Rape case woman wins appeal bid
A woman jailed for falsely retracting rape charges against her husband has won the right to appeal her conviction for perverting the course of justice.
The woman, 29, from Powys, was jailed at Mold Crown Court for eight months after admitting the charge, but was freed on appeal last November.
The appeal court judges ordered her to serve a community sentence with a two-year supervision order instead.
Despite going free, the conviction still stood which she is now appealing.
She was granted permission on Tuesday to challenge the "unjust" conviction and take the case to a full court of appeal hearing.
The woman, who has not been identified, initially complained to police that her violent and abusive husband had raped her on three occasions.
Soon afterwards, she tried to withdraw support for the prosecution, telling the authorities that she did not want to give evidence against her husband.
But, faced with the prospect of a summons forcing her to give evidence, she went back to police and said her whole story had been a pack of lies.
Initially, she was charged with perverting the course of justice on the basis of making a false complaint, but she later said it was the retraction, rather than the allegation of rape, which was false.
Believing her first account to be the genuine one, the CPS prosecuted her for perverting the course of justice by withdrawing a true allegation.
Ultimately, no evidence was offered against the husband and not guilty verdicts entered, but the CPS still says it believes the allegations were true.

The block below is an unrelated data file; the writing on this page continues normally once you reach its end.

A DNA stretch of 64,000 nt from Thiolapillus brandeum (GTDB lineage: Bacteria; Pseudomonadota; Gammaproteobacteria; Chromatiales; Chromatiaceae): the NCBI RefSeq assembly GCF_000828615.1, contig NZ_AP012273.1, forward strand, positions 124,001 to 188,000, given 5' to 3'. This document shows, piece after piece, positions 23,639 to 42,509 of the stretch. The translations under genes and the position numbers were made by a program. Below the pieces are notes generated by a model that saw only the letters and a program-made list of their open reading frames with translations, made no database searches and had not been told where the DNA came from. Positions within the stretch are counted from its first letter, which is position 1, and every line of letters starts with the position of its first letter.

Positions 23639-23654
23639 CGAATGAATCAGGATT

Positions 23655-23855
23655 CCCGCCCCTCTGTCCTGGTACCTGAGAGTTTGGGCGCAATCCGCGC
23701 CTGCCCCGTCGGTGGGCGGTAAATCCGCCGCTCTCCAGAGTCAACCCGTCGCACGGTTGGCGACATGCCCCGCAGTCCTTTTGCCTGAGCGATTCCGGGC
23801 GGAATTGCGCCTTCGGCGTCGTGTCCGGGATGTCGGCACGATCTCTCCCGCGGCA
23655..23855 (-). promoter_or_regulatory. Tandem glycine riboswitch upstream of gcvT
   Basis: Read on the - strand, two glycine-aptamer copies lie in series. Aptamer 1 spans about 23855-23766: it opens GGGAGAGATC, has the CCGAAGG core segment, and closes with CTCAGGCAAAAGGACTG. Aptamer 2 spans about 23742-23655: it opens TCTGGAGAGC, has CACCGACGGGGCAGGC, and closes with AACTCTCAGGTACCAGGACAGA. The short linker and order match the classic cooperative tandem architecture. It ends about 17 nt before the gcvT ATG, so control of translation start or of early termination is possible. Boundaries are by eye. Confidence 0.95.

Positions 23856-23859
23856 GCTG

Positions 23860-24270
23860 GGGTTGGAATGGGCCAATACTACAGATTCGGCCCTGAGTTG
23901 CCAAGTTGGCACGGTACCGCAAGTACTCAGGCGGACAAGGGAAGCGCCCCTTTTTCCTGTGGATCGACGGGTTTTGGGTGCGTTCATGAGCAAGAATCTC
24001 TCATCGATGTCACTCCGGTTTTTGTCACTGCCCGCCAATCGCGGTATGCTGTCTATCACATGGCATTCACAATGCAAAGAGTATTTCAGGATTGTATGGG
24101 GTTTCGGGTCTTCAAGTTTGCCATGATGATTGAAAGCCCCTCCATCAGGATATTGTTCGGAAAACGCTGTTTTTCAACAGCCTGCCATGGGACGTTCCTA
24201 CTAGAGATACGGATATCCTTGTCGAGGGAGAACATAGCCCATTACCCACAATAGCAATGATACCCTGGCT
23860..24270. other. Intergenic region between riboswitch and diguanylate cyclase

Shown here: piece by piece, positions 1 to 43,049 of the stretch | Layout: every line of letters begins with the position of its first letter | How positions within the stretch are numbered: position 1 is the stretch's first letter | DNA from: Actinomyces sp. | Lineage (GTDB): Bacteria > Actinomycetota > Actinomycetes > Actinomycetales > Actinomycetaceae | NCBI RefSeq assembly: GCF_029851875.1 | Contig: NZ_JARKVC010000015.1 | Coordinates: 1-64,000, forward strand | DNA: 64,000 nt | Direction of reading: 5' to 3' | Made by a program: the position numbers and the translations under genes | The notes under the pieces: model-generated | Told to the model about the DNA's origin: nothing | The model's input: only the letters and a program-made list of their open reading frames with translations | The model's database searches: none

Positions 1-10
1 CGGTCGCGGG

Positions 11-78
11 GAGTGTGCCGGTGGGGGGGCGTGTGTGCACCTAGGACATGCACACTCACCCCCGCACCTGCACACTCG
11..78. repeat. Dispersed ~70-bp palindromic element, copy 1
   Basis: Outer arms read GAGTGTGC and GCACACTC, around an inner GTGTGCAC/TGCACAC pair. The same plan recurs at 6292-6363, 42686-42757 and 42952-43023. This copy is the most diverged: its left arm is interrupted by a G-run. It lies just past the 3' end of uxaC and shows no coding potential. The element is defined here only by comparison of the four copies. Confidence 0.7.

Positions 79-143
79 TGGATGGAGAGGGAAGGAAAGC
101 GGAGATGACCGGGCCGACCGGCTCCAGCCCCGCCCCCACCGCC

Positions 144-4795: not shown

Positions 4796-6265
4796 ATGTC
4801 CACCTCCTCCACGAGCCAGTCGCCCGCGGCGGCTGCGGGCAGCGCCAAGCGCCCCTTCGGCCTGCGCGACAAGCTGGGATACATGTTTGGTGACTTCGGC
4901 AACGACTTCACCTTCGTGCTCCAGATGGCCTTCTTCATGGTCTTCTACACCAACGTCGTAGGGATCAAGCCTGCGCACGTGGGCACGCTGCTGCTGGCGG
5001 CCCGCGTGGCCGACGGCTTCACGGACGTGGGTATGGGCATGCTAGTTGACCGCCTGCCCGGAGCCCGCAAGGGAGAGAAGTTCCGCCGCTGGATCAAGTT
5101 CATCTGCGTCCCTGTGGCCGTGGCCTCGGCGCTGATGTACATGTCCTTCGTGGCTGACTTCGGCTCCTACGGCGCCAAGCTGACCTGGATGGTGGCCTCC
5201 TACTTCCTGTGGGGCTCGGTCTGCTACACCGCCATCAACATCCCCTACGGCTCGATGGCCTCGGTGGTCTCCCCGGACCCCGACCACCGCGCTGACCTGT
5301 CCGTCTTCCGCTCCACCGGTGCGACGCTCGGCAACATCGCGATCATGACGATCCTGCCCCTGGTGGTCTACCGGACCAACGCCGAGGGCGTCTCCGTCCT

Rape and violence
On Tuesday, the woman's barrister, Niall Quinn QC, said subsequent guidance given by the director of public prosecutions meant such a prosecution would be very unlikely to happen again.
"It is said that this is a case in which it cannot be said that justice has been seen to be done. It is also a case, we say, in which justice has not been done, in fact," he said.
"The Director of Public Prosecutions has refined and altered the guidance to prosecutors in relation to matters of this kind, fortunately uncommon, but it was at the time, we submit, unjust and wrong to pursue someone who was known to be a victim of crime.
"The fact is that, as a result to some extent of this case, it is now less likely that somebody would find herself in the position of this applicant.
"And that is all to the good, but it does not alter the fact that proceeding against this victim of rape and violence was wrong."
Lord Judge, sitting with two other appeal judges, said the only basis on which a conviction could be quashed was if it could be said to be "unsafe", and in this case there had been a guilty plea.
But leave would be granted for a full appeal hearing when evidence would be put forward about the events leading up to that plea of guilty, he said.